Ten elk that came to Missouri from Colorado, where several elk recently tested positive for chronic wasting disease, have tested negative for the illness, state animal health officials announced.

The 10 animals were the only elk remaining in the state that had come from Colorado. They were sold to Missouri buyers up to a year before the state was notified of the Colorado outbreak last October.

Following the notification, the Missouri Department of Agriculture quickly moved to file emergency rules to prohibit the entry of elk or deer coming from areas known to have animals ill with chronic wasting disease. The revised rules also require livestock owners or gamesmen to have a permit to bring elk, deer or other cervids--animals that lose their antlers--into Missouri.

"Based on some previous tests and the animals' condition, we felt confident that chronic wasting disease had not been introduced into Missouri's elk population. Recent tests conducted by the U.S. Department of Agriculture confirm the good news," said State Veterinarian Taylor Woods. "Although further tests are pending, the Department of Conservation reports there is no evidence of the disease in our deer population, so these latest test findings are really the icing on the cake."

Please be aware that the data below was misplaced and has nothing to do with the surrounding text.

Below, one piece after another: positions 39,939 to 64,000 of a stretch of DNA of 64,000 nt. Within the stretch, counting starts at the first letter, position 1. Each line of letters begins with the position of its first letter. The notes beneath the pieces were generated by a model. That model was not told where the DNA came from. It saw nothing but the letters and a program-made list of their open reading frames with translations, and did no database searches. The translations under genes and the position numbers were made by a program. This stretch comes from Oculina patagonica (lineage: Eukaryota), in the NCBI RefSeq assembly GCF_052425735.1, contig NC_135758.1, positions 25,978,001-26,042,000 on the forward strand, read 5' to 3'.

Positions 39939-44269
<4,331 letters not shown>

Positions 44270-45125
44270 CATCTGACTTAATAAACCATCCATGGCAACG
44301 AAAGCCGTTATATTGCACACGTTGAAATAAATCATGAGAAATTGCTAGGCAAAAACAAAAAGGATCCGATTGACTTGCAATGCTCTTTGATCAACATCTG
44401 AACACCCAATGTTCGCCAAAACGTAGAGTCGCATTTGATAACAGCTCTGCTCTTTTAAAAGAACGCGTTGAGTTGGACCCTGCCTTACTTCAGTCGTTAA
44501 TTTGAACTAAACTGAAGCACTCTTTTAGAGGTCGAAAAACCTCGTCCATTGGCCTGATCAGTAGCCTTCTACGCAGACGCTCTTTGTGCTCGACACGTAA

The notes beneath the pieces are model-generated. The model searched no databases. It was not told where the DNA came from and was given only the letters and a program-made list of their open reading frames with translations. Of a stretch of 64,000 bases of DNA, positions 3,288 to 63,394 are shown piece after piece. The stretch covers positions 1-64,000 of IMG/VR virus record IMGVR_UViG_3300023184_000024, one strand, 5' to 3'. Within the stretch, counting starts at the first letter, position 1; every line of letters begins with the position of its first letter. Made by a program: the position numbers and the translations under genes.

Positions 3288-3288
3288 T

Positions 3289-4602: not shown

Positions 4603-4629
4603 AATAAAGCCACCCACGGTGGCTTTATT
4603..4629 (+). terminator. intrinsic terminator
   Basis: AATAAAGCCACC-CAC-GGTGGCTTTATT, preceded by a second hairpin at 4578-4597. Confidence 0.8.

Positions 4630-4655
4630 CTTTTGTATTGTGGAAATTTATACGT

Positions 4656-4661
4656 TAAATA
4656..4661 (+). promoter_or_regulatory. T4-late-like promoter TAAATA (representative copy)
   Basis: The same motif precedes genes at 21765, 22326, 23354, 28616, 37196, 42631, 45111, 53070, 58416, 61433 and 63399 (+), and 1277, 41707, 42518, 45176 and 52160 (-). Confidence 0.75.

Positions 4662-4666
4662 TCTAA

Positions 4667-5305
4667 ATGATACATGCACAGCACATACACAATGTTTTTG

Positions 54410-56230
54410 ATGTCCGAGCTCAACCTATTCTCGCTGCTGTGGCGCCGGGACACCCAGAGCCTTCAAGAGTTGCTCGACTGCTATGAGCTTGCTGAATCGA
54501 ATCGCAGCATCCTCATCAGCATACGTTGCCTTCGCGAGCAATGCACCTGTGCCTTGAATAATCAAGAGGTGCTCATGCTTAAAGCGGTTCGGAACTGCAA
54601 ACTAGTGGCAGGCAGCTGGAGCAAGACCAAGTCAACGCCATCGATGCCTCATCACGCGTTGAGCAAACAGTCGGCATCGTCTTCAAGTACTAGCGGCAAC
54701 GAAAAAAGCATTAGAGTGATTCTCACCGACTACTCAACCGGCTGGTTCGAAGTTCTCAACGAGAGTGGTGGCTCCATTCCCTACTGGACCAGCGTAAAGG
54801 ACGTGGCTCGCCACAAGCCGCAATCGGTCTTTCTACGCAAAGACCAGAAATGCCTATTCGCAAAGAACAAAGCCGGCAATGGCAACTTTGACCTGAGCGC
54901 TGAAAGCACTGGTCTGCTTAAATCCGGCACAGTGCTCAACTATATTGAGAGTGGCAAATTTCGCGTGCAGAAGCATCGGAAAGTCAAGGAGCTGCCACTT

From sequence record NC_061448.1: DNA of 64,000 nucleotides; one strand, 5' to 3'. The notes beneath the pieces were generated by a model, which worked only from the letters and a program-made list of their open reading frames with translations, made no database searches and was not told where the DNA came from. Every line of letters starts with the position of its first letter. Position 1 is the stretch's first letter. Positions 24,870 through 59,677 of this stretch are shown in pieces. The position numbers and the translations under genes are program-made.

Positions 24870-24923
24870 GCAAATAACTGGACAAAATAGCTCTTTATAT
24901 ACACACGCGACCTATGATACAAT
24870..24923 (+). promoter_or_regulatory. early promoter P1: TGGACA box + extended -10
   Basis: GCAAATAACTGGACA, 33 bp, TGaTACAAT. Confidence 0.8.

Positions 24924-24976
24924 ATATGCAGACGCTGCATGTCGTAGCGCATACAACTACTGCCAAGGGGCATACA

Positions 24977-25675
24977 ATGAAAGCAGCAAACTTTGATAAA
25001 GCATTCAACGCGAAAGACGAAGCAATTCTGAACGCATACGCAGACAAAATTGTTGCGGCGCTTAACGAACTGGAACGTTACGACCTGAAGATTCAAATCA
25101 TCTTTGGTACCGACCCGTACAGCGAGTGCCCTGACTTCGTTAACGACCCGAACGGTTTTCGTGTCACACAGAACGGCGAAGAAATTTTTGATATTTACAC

Colorado animal health officials notified the Missouri Department of Agriculture, in October, that more than 25 elk from the infected Colorado herd had made their way to Missouri. Further tracking showed most of the elk had died or been sold to other states.

The U.S. Department of Agriculture purchased the remaining 10 animals from their owners, so they could be tested. An 11th elk that had not come from Colorado also was tested, when it was found dead in one of the herds.

The only reliable way to test for chronic wasting disease is to study an animal's brain, Woods said. The National Veterinary Services Laboratory, in Ames, IA, conducted the testing.

Agriculture officials estimate there are about 2,000 elk on about 80 Missouri farms. Elk are primarily raised for their meat and antler velvet, as well as for fee hunting operations.

Additional information on chronic wasting disease can be found on the U.S. Department of Agriculture's Website, at www.aphis.usda.gov/oa/pubs/fscwd.html.

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